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Tuesday, January 31, 2012

The Spirit Bear

Cristina Mittermeier and Paul Nicklen journey to the Great Bear Rainforest in Canada to find the Spirit Bear of the Gitga’at People

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The Gitga'at people are inextricably tied to the sea. They depend upon the ocean to provide most of their food. Here, halibut is sliced thinly, then dried.
I hear them whispering their concerns over a proposed pipeline that will transport dirty oil from the Alberta Tar Sands to the coast. The First Nations and the environmental community are gearing up to battle with massive oil corporations determined to create an oil superhighway to the coast. Once the pipeline reaches the coast, the oil will be shipped to markets in China; enormous megatankers will be brought in to carry it through the intricate maze of small channels and fjords we saw from the air. It isn't difficult to envision that given these treacherous waters, it's only a matter of time before an accident happens and oil is spilled into the pristine waters. I can imagine how scary it must be to have the threat of your entire livelihood taken away so easily.

Once upon a time, not so long ago, people never would have dreamed of putting energy needs over food security. In today's carbon era, however, that doesn't seem to be a problem for governments and corporations alike. What's the big deal in sacrificing the livelihoods, traditions and sustenance of entire indigenous communities when the rest of us won't accept paying the full ecological price at the pump? Do we even make the connections between the landscapes lost, species imperiled and indigenous people stripped of life and home and ancestral ways of life to accommodate our bad energy habits? Paul and I believe that as a civilized society, we're failing to make those critical connections, but photography can help us better understand the links between causes of environmental degradation and the full consequences paid through the entire life cycle of "energy production."

I spend 10 magical days in Kyel, and just when I'm beginning to get my Gitga'at groove, I'm once again joined by Paul, who has concluded the aerial portion of this expedition and is ready for us to venture into the land of the Spirit Bear. Everything in the Great Bear Rainforest is wet, not surprisingly. The incessant rain that falls day in and day out isn't a mild drizzle; it's a cold, miserable deluge that soaks everything. I miss the warm stove in Anetta's house. Within minutes, we're completely soaked, and for the next 10 days, everything we own, including camera equipment, is in a constant state of dripping. Paul carries the bulk of the equipment, and I follow him quietly as we make our way upstream, walking on the riverbed and keeping an eye out for bears, wolves and cougars.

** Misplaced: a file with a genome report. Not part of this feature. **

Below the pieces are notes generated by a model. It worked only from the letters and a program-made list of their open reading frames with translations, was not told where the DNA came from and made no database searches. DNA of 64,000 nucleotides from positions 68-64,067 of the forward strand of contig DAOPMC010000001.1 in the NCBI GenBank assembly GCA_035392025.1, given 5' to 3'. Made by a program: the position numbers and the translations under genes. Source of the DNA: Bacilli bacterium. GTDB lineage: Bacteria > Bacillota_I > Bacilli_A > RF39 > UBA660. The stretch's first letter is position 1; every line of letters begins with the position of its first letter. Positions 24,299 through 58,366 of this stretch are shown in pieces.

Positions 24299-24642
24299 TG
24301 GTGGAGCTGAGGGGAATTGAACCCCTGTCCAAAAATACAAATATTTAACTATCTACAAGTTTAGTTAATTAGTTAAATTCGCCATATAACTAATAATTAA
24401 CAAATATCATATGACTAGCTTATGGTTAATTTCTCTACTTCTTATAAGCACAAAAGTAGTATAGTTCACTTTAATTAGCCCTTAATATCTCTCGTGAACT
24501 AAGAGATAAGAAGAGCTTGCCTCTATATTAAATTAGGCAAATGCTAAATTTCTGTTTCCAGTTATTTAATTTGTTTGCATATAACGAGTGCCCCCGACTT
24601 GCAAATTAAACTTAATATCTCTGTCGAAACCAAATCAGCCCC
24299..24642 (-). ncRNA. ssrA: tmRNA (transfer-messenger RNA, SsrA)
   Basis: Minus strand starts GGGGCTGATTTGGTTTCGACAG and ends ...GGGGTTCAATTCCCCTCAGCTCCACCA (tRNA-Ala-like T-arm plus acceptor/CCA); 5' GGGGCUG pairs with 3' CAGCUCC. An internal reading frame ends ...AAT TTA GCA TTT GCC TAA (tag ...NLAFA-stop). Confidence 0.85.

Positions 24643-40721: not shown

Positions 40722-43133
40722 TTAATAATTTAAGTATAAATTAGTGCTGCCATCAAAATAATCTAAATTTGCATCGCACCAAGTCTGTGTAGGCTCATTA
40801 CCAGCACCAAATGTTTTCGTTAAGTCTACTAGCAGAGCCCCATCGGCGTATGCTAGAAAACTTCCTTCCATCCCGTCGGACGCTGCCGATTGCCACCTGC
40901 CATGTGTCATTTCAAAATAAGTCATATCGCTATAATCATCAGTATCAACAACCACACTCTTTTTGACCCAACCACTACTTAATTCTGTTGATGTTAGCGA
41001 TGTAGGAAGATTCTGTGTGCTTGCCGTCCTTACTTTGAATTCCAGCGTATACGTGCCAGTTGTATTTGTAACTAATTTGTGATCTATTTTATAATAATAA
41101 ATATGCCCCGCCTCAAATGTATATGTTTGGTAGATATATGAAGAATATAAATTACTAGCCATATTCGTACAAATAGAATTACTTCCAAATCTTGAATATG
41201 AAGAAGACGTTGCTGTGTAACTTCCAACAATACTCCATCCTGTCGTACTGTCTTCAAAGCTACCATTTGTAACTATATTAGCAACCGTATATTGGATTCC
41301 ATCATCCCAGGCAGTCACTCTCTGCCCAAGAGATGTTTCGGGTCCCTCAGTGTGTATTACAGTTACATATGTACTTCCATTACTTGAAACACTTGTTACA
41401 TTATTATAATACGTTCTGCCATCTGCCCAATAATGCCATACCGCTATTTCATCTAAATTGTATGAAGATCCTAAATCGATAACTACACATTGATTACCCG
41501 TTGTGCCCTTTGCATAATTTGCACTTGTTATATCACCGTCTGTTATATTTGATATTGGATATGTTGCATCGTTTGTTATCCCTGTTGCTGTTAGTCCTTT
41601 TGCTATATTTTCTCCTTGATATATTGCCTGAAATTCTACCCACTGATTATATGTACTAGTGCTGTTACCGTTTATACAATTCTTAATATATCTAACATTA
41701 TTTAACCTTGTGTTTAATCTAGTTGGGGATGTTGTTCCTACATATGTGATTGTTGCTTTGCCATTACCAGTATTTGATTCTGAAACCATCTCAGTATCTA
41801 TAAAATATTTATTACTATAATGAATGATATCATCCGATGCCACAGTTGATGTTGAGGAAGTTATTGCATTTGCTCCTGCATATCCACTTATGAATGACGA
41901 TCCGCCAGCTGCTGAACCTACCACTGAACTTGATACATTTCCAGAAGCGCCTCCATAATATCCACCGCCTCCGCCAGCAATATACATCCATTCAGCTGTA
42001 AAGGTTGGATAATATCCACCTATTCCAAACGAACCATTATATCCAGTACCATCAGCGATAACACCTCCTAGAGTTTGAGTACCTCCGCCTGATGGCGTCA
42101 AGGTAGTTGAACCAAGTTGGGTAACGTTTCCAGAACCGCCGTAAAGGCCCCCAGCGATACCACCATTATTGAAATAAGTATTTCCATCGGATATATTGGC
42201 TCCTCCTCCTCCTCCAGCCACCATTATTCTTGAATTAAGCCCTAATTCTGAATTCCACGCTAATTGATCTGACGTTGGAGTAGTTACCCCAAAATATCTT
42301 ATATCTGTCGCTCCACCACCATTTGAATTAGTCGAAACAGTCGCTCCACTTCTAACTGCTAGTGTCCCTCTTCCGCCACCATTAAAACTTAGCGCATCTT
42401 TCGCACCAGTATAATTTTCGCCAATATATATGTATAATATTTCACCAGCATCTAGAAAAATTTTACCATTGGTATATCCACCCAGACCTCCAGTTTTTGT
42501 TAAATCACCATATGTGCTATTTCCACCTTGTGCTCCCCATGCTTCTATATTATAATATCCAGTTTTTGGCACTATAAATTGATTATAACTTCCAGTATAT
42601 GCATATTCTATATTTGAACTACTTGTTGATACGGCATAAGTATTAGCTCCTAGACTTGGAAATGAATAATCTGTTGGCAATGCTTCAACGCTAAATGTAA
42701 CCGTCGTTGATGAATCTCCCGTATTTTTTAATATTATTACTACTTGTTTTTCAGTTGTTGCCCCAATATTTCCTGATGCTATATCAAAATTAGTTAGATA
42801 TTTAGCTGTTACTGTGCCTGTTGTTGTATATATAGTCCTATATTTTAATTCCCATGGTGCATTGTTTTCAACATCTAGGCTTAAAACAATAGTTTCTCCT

Paul knows this stream well. It's a sacred waterway for the Gitga'at, but Marven has made an exception and has given us permission to work here. Paul leads me to a series of small waterfalls, and we set up a blind to wait for the bears to come. Sitting still and completely quiet on a thick bed of wet moss for over eight hours day after day isn't my idea of fun, but as Paul has told me many times, we must conquer boredom and fatigue to get the shot. Several black bears come to the stream to gorge themselves on the hundreds of salmon that gather at the foot of the waterfalls, waiting for their chance to leap into the next leg of the stream. No white bears come. Marven explains that it might be because this year the berries are growing thick up on the hills, and the bears, flush with sweet fruit, are taking their time to come down to the streams, where they will fish for salmon and fatten themselves in preparation for the coming winter.

After a few days of tedious and unsuccessful waiting, I have to leave the Great Bear Rainforest and leave Paul to finish the work alone. I get his sad reports every few days: no Spirit Bears.

A few weeks later, I'm in Vancouver waiting for Paul's floatplane to arrive. We've had no communication for several weeks, and I'm not sure of what to expect, but when I see his happy smile as he comes off the plane, I know he has found them. When he shows me the images, it becomes clear that not only did he find a Spirit Bear, he got to spend a whole day following the bear through the forest. "This was Marven's gift to me," he tells me. When Marven showed him the bear, Paul was told Marven had known him since he was a cub, and he told Paul, "Stay close to him, and you will get your pictures." Following that advice, Paul was able to create a photographic essay of a rare and elusive animal that has seldom been seen. The images are intimate and poetic; they reveal the secret trails that the Spirit Bear travels, and like the Gitga'at did for me, the bear offered Paul a glimpse into a magical world very much in danger of changing forever.


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